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Players Championship

Players 2023: David Lingmerth will try to draw on long-ago battle with Tiger Woods at Sawgrass

March 11, 2023

David Lingmerth plays a second shot from a fairway bunker on the 10th hole during the third round of the Players Championship.

Richard Heathcote

PONTE VEDRA BEACH — David Lingmerth has had some good memories at the Players Championship since moving to this host city in 2012. Some involve him playing in the tournament, like when he finished joint second to Tiger Woods in his debut in 2013. And some were made when he wasn’t even in the field, like one year when the Swede casually attended a Tuesday afternoon concert that the PGA Tour put on for its flagship tournament.

On Saturday, Lingmerth, competing in his first Players since 2018, was close to the lead at TPC Sawgrass at 10 under par before rinsing a tee shot at the 18th. He made double bogey and a 68 left him, at 14 under, six shots behind 54-hole leader Scottie Scheffler (65). Australian Min Woo Lee’s 66 put him at 12 under and in the final group with Scheffler.

It's been a decade since Lingmerth went toe-to-toe with Woods in the Players. Lingmerth was tied for the lead after 54 holes and played in the final group that Sunday with Sergio Garcia. He shot 72 and tied Jeff Maggert and Kevin Streelman for second as Woods went on to win by two shots.

“[I remember] the atmosphere, battling with Tiger … I was there until the very end,” Lingmerth said. “I had a shot. I'm sure most people were happy to see Tiger win, but I was fighting until the very end to try to force him at least into a playoff. I'm proud of the way I fought that time and hopefully I can keep fighting again tomorrow and make it interesting again.”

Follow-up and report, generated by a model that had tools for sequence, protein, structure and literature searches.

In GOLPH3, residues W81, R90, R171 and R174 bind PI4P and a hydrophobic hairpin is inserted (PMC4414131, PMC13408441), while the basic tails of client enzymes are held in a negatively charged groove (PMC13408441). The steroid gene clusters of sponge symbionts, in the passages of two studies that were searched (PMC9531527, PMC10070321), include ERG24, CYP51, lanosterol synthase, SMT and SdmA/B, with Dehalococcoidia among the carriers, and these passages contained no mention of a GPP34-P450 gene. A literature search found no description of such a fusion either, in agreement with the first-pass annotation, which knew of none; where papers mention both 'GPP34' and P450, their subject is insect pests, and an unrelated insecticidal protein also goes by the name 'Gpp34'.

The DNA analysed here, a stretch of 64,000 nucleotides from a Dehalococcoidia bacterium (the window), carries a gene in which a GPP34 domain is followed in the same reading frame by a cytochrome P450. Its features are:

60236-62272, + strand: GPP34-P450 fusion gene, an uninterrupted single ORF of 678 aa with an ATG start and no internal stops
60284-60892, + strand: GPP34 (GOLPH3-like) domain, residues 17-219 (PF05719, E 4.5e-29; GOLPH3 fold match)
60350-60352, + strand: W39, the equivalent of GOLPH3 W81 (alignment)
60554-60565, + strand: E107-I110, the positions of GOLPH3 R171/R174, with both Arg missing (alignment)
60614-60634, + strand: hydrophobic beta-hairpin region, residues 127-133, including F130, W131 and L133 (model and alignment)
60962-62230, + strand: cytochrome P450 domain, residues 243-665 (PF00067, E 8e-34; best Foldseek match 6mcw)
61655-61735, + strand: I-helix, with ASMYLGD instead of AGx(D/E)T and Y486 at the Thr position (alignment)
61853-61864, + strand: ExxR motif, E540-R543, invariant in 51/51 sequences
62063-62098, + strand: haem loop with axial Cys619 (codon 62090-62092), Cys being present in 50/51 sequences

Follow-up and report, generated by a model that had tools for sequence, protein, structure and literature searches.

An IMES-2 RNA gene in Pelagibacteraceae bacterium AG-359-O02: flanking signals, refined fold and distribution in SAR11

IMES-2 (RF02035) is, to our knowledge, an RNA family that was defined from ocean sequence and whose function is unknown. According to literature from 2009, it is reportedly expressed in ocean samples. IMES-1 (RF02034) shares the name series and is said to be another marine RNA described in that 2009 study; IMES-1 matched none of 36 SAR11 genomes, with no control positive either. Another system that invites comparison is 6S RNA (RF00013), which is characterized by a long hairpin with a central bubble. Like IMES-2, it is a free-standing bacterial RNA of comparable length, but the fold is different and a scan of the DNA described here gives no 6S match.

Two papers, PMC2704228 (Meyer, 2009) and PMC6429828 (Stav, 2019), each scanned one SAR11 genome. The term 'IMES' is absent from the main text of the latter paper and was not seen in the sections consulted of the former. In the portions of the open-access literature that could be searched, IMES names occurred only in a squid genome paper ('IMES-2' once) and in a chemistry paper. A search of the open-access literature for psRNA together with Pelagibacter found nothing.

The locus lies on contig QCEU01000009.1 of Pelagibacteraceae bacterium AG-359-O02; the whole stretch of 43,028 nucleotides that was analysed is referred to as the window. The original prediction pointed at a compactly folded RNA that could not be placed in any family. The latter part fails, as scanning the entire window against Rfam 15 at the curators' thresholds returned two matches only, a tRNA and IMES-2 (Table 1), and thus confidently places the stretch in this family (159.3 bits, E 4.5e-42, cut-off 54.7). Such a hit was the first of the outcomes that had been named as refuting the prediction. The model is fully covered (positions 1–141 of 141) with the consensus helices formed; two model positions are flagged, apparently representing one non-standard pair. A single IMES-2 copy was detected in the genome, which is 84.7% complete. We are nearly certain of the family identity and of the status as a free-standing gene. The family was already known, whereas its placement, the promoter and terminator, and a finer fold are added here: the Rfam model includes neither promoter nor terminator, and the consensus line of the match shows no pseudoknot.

A lot has happened in the past decade, both in Lingmerth’s career and in the game of golf. The Players tournament purse in 2013 was $9.5 million; now it’s $25 million. Back then, there were World Golf Championships. Now, there are “designated” events.

In between his debut Players and now, Lingmerth, 35, recorded his only PGA Tour win to date, the 2015 Memorial Tournament. He was in contention at the 2016 U.S. Open at Oakmont that Dustin Johnson won. He’s also lost his PGA Tour card several times. The most recent relegation was last year, when Lingmerth played the Korn Ferry Tour Finals, and secured a return to the PGA Tour by winning the Nationwide Children’s Hospital Championship in Ohio. That victory came after a series of injuries in the five years leading up to it.

“I mean, roller-coaster. [That’s] one word that sums it up,” he said. “There’s been some really great moments, and then there's been some really tough moments in the last few years. Thankfully, in the last year or so been able to make some progress and golf is a lot more fun again. It's been a long road. I felt like I was close to the peak of the mountain for a while as it relates to my abilities, and I went all the way back down to the bottom, it felt like. I didn't know how to play golf at all was kind of my feeling. Then I steadily climbed my way back up.”

That climb has yielded three top-10 results already this PGA Tour season, including a T-10 at the recent Honda Classic. But Lingmerth, the nephew of former Cleveland Browns kicker, Goran Lingmerth, said he won’t’ settle for mediocrity on Sunday, despite being six shots behind World No. 2 Scheffler.

“For a while there, when it was really tough, I definitely didn't feel like I could win golf tournaments,” Lingmerth said. “I had other smaller goals for certain weeks. But at this point I feel like I'm back enough on track to where we are here to try to make a run at it, we're trying to win. It's nothing else, really.”